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Did I hear on the traffic news tonight that the A9 had been closed in both directions because of a major accident? If so, was that in the average speed camera zone?


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PostPosted: Fri Mar 20, 2015 21:52 
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Another report? If so ,possibly trying the repaet often and folk believe it theory. :shock:

viewtopic.php?f=5&t=26699&p=253285&hilit=a9+cameras+have+reduced+speeding#p253285

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Drivers are like donkeys -they respond best to a carrot, not a stick .Road safety experts are like Asses - best kept covered up ,or sat on


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PostPosted: Sun Mar 22, 2015 01:38 
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Ah, it appears it was!

https://www.pressandjournal.co.uk/fp/ne ... -a9-crash/



http://a9road.info/uploads/publications ... ations.pdf

Working well then, I see....


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PostPosted: Sun Mar 22, 2015 23:54 
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next magical cure forA9 accidents- plastic Gnomes . :shock: :D :loco:

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PostPosted: Mon Mar 23, 2015 03:09 
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Accident here : http://www.bbc.co.uk/news/uk-scotland-h ... s-31983846

Two lorry drivers clashed! I guess wind might have been a cause but the weather will have to be checked.
I did read recently that due to a CSP ?sp test many lorry drivers are now retired and many young 18yr olds who would have never previously been allowed to drive the larger vehicles are now doing so! Mad ! :(
Here : http://www.theconstructionindex.co.uk/n ... ed-reforms

Oh there was a previous fatal at the end of Feb with another lorry driver too ... also on the scam section! :( It will be interesting to get the Fatal total at the end of 6mths of scams! :( Awful for all those who have needlessly lost their lives due to this appalling and dangerous scheme. :(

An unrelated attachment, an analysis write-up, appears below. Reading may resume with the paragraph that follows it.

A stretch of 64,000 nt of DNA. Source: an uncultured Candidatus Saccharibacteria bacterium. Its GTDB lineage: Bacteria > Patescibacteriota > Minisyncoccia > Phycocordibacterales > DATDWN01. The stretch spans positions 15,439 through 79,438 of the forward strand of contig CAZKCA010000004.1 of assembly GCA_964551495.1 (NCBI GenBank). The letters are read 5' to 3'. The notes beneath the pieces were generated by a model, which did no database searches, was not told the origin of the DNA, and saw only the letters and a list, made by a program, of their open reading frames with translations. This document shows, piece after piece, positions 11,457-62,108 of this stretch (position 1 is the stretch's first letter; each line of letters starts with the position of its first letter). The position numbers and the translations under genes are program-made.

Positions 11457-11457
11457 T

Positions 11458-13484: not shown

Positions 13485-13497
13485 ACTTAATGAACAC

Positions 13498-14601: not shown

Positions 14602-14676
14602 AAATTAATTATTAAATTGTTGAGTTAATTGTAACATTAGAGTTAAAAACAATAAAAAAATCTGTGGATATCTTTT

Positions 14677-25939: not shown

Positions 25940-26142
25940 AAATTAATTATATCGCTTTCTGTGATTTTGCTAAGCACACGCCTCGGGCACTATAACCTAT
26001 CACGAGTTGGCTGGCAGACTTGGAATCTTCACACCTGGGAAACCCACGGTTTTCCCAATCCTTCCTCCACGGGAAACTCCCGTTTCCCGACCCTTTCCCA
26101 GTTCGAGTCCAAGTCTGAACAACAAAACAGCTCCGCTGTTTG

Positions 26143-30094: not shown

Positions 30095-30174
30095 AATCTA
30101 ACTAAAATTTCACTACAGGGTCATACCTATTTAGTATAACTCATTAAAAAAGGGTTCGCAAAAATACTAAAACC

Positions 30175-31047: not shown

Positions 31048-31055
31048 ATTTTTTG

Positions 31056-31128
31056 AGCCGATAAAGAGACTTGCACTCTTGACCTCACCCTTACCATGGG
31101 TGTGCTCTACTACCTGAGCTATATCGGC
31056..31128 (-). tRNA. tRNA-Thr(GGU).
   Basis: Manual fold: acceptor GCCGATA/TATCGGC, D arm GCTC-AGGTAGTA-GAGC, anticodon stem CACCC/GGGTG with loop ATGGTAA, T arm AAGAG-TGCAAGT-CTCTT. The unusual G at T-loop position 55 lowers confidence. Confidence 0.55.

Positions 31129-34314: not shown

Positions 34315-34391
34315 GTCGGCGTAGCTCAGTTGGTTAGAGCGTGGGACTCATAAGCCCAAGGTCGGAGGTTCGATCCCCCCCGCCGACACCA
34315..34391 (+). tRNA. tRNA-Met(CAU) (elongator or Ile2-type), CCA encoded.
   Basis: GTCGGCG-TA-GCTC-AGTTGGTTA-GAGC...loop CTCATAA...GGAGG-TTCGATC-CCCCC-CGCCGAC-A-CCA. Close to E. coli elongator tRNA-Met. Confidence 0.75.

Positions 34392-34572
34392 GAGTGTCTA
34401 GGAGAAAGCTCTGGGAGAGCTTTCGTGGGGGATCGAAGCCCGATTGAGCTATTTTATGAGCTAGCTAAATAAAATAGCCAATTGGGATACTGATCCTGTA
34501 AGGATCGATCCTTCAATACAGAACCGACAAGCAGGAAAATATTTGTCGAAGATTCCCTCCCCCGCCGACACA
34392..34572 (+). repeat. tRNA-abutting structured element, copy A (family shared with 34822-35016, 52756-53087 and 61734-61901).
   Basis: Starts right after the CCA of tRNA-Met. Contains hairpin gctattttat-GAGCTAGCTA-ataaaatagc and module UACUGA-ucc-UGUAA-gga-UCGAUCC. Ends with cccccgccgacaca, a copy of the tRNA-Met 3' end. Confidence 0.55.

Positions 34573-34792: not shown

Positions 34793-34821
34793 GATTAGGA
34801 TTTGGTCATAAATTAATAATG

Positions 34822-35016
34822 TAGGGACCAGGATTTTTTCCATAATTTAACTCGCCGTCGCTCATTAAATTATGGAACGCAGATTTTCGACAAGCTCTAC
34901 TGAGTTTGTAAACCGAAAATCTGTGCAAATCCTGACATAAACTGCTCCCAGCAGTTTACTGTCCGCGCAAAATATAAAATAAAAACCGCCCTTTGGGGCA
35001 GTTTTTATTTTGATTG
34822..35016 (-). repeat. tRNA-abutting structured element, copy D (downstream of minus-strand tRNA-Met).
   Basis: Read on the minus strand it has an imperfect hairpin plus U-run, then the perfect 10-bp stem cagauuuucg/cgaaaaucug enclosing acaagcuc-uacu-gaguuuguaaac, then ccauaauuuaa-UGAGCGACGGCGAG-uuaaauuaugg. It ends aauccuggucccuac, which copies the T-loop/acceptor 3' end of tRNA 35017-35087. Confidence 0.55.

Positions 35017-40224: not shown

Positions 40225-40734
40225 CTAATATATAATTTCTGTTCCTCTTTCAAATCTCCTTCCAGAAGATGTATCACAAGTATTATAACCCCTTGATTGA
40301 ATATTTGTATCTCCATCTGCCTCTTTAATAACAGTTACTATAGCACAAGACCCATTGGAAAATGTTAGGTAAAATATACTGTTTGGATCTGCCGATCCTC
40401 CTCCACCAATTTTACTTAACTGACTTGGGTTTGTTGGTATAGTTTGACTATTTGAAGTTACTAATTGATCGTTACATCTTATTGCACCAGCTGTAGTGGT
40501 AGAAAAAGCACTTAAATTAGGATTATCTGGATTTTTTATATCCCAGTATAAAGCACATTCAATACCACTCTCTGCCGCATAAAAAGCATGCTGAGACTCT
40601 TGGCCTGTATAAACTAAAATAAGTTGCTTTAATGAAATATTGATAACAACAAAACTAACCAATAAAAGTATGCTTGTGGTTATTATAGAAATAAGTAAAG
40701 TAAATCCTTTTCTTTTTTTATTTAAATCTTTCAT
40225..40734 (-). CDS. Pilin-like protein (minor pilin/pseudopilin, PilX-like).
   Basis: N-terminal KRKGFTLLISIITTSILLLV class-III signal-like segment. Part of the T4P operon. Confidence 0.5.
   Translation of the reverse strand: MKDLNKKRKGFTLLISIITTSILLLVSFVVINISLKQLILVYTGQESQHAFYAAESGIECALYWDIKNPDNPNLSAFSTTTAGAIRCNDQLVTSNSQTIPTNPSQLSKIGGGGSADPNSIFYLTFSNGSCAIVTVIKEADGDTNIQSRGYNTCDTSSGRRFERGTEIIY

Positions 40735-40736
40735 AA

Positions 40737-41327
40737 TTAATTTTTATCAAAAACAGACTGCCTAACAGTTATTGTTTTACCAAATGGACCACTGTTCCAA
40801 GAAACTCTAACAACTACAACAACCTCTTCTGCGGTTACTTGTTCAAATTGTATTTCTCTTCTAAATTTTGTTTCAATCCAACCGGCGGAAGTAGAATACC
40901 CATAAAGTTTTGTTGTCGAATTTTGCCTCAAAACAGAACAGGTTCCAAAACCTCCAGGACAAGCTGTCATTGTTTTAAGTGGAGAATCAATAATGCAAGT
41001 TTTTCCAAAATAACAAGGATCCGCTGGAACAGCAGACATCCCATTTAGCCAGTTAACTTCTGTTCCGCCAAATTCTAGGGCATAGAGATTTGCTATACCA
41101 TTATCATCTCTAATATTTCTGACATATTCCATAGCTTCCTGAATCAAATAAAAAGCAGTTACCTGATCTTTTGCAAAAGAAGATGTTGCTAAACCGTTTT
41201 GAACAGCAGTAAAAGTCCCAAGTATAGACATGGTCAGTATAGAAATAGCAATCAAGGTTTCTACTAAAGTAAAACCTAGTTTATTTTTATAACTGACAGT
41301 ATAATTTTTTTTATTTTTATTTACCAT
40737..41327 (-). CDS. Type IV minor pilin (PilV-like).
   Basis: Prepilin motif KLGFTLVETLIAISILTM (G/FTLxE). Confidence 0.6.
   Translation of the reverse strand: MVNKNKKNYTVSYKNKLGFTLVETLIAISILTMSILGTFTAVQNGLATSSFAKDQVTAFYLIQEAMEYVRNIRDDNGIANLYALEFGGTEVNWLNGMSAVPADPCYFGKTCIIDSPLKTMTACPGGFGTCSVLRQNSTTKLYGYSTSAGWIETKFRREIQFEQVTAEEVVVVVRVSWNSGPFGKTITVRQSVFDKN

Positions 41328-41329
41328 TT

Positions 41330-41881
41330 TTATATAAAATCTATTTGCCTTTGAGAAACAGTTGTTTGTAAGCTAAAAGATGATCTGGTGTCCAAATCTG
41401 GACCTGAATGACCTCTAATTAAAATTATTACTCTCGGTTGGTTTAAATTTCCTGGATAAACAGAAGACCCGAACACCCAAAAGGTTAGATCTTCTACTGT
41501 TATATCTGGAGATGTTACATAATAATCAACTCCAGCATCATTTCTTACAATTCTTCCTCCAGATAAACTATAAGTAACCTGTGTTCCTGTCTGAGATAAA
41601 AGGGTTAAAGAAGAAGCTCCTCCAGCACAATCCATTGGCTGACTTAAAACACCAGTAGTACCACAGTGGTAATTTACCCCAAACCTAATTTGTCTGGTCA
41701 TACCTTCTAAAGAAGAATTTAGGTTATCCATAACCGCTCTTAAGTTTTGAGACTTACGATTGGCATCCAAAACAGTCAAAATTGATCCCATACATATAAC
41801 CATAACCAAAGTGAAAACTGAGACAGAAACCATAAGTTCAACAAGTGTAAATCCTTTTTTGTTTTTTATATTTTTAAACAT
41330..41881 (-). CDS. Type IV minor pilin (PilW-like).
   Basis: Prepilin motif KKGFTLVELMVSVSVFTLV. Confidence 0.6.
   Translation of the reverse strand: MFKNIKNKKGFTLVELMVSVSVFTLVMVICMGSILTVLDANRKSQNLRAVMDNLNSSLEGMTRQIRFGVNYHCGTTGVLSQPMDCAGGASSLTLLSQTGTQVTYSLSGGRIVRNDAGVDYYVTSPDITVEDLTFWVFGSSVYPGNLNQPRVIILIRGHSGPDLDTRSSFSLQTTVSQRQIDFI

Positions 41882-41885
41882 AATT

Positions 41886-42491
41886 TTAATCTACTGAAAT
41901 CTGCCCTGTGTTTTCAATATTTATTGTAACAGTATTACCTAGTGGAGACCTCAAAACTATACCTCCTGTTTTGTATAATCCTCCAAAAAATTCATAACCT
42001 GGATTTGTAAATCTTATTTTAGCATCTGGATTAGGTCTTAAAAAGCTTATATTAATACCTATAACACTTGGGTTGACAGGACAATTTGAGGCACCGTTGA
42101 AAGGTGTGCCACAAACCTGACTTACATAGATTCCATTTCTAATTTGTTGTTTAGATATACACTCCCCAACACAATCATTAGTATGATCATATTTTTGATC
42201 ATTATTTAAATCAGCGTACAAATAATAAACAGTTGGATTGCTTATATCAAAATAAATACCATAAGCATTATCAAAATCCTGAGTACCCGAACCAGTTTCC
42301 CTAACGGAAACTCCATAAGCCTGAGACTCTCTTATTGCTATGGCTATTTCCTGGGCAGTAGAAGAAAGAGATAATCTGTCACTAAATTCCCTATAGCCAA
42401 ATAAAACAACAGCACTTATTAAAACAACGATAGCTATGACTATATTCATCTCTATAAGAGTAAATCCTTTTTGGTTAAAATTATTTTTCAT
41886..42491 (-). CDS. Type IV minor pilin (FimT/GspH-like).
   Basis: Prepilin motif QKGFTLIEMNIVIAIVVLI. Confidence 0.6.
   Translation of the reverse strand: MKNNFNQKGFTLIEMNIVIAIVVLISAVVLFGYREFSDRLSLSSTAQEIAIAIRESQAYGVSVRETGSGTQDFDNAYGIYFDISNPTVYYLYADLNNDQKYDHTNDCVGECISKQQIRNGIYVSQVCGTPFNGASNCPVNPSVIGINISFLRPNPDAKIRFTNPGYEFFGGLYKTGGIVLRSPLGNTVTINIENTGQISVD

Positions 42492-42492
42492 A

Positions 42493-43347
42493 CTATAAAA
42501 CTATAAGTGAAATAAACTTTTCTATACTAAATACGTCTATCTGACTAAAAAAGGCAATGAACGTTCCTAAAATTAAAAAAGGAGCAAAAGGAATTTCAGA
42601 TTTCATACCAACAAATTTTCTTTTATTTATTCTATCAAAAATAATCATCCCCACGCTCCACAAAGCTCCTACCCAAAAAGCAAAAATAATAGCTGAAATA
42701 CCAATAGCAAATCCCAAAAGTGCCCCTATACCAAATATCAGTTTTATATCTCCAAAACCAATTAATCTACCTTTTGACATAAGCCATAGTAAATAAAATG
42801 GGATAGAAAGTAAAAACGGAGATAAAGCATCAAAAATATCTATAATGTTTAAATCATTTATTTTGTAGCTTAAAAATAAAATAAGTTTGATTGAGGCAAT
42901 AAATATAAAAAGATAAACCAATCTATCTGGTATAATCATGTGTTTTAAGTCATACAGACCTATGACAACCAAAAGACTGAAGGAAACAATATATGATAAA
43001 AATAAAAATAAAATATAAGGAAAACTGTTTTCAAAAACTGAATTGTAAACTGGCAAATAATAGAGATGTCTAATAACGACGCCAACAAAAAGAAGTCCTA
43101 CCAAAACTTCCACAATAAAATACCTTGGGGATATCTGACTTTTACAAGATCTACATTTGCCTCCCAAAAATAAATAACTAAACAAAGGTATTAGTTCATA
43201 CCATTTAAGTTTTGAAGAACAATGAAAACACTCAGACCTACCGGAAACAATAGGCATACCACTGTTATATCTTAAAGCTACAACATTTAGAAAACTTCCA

A9 cam locations : http://a9road.info/uploads/publications ... ations.pdf

and
Just found this map from the Road Safety Foundation .. :
http://www.roadsafetyfoundation.org/med ... region.pdf

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PostPosted: Mon Mar 23, 2015 22:04 
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As I said on the trucking post, if that's the case, why don't we hear great shouts of woe about Forces HGV drivers, many of them getting their HGV CLASS 1 before they were 18 . Possibly an unmentioned reason why so many large UK transport firms are keen on ex forces drivers- they've got an extra few years experience.

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PostPosted: Tue Mar 24, 2015 01:50 
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Of course, you just KNOW it won't be the cameras' fault - it'll be the trial 50 limit for trucks... :roll:


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PostPosted: Wed Mar 25, 2015 00:40 
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Mole, funny you should say that :
http://www.heraldscotland.com/news/tran ... .121454946